An attempted arson attack early Tuesday morning on the under construction expansion of the county youth jail facility was thwarted by a Seattle Police officer at the 12th Ave site and “molotov cocktails” that failed to explode.
All information in this report has not yet been confirmed by police and is based on East Precinct radio dispatches. UPDATE: SPD confirmed the investigation and said more details will be released soon. UPDATE x2: An update from SPD is below. Continue reading
A tour of the 22nd and Union village in 2016
People living near 18th and Yesler will gather Tuesday night to learn more about a plan to bring more neighbors to the area in a new Tiny House Village project from the Low Income Housing Institute.
“This new village will shelter homeless families, homeless students, seniors, veterans, singles and people with pets,” the announcement from LIHI says. Continue reading
Williams in a Juneeteenth parade (Image: CHS/Central District News)
DeCharlene Williams, one of the most visible advocates of preservation and inclusive growth in the Central District in her decades heading the Central Area Chamber of Commerce, has died, her family announced this weekend.
“This morning at 9:06 AM I lost one of my best friends, my mom DeCharlene Williams to uterine sarcoma cancer,” her daughter Rita Green posted Sunday. Continue reading
With warmer days, those neighborhood blossoms will soon be neighborhood plums. But City Fruit, the urban fruit gleaning community dedicated to putting the bounty of Seattle’s edible forests to good use, is coming to the area later this month to harvest something else.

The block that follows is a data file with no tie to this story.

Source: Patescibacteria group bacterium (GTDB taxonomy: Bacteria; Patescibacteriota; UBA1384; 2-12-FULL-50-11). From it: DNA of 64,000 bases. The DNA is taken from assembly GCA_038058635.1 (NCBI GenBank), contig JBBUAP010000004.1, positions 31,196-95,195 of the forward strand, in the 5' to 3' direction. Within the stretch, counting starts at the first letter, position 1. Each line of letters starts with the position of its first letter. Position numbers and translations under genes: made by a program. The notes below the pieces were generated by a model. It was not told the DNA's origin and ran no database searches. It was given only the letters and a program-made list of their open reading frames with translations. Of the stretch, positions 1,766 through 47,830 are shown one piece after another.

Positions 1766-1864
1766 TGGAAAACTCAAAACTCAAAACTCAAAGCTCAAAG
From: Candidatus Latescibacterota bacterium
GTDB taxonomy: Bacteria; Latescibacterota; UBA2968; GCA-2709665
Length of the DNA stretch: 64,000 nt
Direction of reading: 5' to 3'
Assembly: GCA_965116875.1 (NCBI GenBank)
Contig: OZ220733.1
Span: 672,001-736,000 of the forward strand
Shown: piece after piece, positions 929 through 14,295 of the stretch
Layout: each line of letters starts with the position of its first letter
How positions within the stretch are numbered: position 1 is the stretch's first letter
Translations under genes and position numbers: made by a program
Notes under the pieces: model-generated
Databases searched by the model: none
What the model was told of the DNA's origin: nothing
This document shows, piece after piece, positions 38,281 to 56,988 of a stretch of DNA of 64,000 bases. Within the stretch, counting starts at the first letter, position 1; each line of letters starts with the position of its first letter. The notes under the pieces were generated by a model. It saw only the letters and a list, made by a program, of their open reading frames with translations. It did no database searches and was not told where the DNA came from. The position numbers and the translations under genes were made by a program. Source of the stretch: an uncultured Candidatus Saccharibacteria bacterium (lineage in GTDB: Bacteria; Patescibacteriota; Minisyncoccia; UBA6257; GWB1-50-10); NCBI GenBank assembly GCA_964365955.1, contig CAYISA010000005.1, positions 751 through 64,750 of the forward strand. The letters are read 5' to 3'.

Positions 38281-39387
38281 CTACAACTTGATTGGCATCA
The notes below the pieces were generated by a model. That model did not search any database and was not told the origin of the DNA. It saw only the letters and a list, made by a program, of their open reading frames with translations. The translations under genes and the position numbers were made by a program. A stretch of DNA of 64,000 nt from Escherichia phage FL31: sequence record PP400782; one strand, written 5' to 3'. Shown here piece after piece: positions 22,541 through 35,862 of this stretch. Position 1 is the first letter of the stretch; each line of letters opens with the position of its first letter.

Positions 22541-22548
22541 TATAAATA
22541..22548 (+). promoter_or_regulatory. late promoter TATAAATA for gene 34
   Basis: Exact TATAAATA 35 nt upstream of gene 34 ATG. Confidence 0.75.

City Fruit reps are coming to a May 29th meeting at the Central District’s Douglass-Truth Library meeting space to and learn more how to get the word out about their programs, neighborhood trees ripe for the picking, and ideas on where its bounties could be best put to use in the area.
City Fruit: Harvest Advisory Forum – Central District and Capitol Hill
“Do you know of some public trees in the neighborhood that never are harvested? Want to be involved with a Harvest Hub? Let us know,” organizers write.
CHS wrote here about the many flowering trees found around Capitol Hill — many of them bearers of fruit. Happy harvesting.
Here is a preview of 23rd and Union sometime in 2019 when the neighborhood’s newest grocery store, New Seasons, is slated to open in The East Union mixed-use development.
Protesters targeted the grand opening of the Portland-based chain’s new Ballard store Wednesday with a list of anti-labor, union-unfriendly grievances:
The East Precinct no longer has a Crime Prevention Coordinator to attend community meetings and talk with residents and local businesses about safety issues in their neighborhoods. But Felicia Cross has a new, bigger role to play at the Seattle Police Department.
Cross recently transitioned into a new role as SPD’s Community Outreach Program Manager taking over for Maggie George who held the position for 30 years.
Cross has advocated to bridge the gap between the police and community members as former chair of the African American Advisory Council where she redefined the importance of the group’s meetings. In her new job, Cross aims continue this effort. “I want to energize, revamp, and revive all the demographic councils,” she said. “I want to learn about each council and their needs, and I want to be a resource with each one of the councils.” Continue reading